comment by Stephen DesRoches at 09:40 PM on 13 January, 2009

In terms of balance of color and light. Are you judging it by eye or using the info palette and basing it on numbers?

comment by djn1 at 07:57 AM on 14 January, 2009

Stephen: for this sort of image I tend to judge it by eye; i.e. it's more a question of creative rather than accurate colour control.

comment by Mohamed at 04:24 PM on 9 April, 2010

Brilliant as always. So simple and so powerful. Thanks.

comment by dana at 06:25 PM on 5 April, 2012

I think all the tutorials are superb. I have just read the night shooting tutorial after being inspired by the full moon in the corner of our half-circle window in bedroom and wanting to capture the scene as it looked to me in our bedroom.

Based on the tutorial, the mass of the moon in the window and extreme brightness seem to dictate 2 exposures as described in the lesson. I am wondering how to best expose for the moon? Spot meter in DSLR? Also, is it hard to wind up with an image that looks like real life? Meaning, when I have exposed for moon before, I have gotten great detailed image but it lacked the glow that you see live--Was this just just due to underexposure? And are there any tips for getting right exposue for this kind of moon?

I'm guessing getting the nightime feel of the room and window is just trial and error with exposure. I don't want it to look like dusk. Any tips on that?
much thanks

comment by djn1 at 08:17 PM on 5 April, 2012

Thanks Dana.

As for your question, the problem with photographing the moon is that it's extremely bright in comparison to the rest of a night-time scene. For example, on a clear night, the correct exposure for the full moon at f/8 and ISO 100 is somewhere around 1/320s - settings which will pretty much throw the rest of the scene into darkness. If you're interested, there's a good moon exposure calculator here:

So, if you set your exposure for the moon everything else ends up too dark, while if you set it for the rest of the scene you inevitably blow out the moon. As such your only option, if you want to avoid this, is to blend two exposures; one for the moon, the other for the rest of the scene.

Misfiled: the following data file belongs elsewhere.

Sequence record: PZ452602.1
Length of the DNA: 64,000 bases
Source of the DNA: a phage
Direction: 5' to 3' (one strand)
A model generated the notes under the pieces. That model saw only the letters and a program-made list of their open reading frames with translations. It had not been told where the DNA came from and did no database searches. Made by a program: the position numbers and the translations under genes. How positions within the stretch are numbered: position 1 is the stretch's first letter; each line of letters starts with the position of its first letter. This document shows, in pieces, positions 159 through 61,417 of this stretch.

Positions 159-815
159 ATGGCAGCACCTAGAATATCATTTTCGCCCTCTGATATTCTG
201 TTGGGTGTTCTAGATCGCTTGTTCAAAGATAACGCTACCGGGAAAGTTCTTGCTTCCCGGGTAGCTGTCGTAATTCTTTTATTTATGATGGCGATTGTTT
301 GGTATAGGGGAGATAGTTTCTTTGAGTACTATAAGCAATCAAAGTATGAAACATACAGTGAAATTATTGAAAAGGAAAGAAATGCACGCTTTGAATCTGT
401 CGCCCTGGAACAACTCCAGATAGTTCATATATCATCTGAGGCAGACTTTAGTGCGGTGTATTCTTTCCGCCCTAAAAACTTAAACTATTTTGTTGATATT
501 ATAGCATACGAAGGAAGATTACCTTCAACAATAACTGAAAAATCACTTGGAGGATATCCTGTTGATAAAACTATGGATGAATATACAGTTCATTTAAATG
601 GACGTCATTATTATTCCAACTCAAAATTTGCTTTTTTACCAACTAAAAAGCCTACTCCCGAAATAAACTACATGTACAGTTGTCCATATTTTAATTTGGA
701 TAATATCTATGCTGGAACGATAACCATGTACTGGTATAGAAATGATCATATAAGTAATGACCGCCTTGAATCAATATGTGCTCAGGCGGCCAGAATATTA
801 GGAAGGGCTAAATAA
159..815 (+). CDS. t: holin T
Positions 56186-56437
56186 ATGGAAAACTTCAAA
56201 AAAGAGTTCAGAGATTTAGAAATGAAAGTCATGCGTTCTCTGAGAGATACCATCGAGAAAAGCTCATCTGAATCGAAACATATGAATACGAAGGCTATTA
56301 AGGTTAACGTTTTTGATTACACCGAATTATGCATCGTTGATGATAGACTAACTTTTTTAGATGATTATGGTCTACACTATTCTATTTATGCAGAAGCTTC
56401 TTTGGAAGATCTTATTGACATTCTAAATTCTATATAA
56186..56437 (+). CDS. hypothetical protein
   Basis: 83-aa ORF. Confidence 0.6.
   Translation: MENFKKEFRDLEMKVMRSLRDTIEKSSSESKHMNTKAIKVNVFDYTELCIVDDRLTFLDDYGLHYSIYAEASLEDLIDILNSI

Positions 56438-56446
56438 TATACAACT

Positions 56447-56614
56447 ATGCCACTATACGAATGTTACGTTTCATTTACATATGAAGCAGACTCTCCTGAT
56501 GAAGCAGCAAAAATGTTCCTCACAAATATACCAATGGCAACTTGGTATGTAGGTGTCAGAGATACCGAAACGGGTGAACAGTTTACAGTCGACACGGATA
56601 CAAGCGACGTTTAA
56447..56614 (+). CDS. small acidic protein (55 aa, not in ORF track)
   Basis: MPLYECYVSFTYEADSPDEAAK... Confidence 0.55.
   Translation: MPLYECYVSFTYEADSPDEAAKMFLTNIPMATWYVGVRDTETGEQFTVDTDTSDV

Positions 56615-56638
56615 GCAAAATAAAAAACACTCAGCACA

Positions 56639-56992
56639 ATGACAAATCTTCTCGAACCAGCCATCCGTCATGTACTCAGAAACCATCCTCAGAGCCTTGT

Does that help?

comment by dana at 09:36 PM on 5 April, 2012

Yes, that helps. I knew it would have to be 2 exposures. I was just wondering how to expose correctly and still get it too look as in live viewing, as some moon shots I get are those darker and detailed lunar view exposures but lacking the brite in the window I can't fall back to sleep look. I am thinking this is just trial and error with exposure to get the right feel.

Same thing I guess with the feel of the room--to expose to still make it look like night and not dusk. Gets to point you made in tutorial about tendency to underexpose at night--but I think with this scene, that's what I am wanting to do.

Make any sense what I'm asking?

comment by djn1 at 05:05 AM on 6 April, 2012

Yes, that makes perfect sense, and I think your trial and error solution is probably the best one, at least in terms of the exposure for the room. All you need to make sure is that you get the exposure for the moon correct - i.e. no blown highlights - then just shoot a range of exposures for the room. You can then decide which of these exposures would be the best to use during post-production and then merge it with the moon shot.

Does that clarify things?